Standard 4.b: Candidates know and use a variety of standards-based language proficiency instruments to show language growth and to inform their instruction. They demonstrate understanding of their uses for identification, placement, and reclassification of ELLs.
For this standard, I chose as an artifact a child study I prepared for my ESC 727 course. This particular study showcases my skill at designing assessments that measure students’ discrete and integrated language skills and their ability to use social and academic language in a range of contexts. I worked with my sample student in a number of different contexts, including science and math. While those subjects may fall under the umbrella of STEM, they do indeed require specific types of language scaffolds. One scaffold I prepared for my student was question scaffolding. This technique involves increasing the level of rigor, in terms of comprehension, one step at at time. After some analysis, I discovered that by building up the levels of questioning, my student gained confidence and tapped into his background knowledge with greater ease. Since utilizing this strategy in my everyday teaching, I have noticed a greater level of depth in my student’s responses, even from Entering/Emerging ELLs.
Another example of my proficiency in Standard 4.b is my ability to assess ESOL learners’ language skills and communicative competence using multiple sources of information. My child study provides an example of how I use my student’s strengths to develop, in conjunction with the content teacher, appropriate assessments. For example, my sample ELL is a very talented artist who was quite weak at writing in English. By understanding his limitations, I was able to develop a rubric that gave space for a more visual product (comic strip, illustration) as opposed to only using an essay as an assessment. By giving this student a voice and providing a way to increase their score while maintaining the same level of rigor boosted their confidence.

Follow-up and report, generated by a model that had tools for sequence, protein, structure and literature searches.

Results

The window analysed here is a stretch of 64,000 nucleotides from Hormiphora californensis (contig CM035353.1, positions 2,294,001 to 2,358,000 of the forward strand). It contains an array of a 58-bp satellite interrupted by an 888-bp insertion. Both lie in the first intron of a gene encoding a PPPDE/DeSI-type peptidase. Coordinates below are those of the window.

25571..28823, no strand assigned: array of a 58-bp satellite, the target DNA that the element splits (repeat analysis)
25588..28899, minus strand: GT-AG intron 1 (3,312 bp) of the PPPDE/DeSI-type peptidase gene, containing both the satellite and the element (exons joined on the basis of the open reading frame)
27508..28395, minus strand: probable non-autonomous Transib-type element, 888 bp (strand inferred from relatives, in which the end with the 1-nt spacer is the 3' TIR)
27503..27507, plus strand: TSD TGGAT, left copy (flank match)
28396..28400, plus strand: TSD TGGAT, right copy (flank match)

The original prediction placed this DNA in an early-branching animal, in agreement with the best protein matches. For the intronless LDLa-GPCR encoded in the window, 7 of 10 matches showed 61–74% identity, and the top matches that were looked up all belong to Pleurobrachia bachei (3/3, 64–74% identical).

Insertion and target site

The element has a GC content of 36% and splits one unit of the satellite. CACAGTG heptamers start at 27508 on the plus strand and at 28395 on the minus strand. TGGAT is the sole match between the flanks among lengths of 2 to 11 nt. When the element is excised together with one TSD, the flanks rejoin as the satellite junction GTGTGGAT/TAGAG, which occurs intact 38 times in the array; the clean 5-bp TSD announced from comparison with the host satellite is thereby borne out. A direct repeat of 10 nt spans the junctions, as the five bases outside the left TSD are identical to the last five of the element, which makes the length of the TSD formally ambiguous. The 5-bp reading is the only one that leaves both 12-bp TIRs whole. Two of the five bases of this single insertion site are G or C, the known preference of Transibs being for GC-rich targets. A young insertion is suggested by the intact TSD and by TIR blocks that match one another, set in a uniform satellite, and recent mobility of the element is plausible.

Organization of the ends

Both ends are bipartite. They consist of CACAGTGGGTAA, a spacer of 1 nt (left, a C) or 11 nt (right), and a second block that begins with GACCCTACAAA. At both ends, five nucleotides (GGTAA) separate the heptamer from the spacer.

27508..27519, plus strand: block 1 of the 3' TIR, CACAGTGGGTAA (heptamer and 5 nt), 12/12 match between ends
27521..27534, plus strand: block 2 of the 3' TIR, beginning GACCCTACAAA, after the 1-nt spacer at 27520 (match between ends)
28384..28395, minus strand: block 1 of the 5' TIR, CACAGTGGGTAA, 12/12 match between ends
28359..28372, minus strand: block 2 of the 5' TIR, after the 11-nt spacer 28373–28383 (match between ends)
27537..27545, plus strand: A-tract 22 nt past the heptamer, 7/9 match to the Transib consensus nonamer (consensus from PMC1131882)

In the future, I would like to utilize the strategy of expanding my rubrics. While I did alter some of my assessments for the ELL in my child study, I have not continued this behavior in subsequent classes. It can be a time-consuming process creating rubrics for every student, but perhaps I can have different rubrics for different learning styles.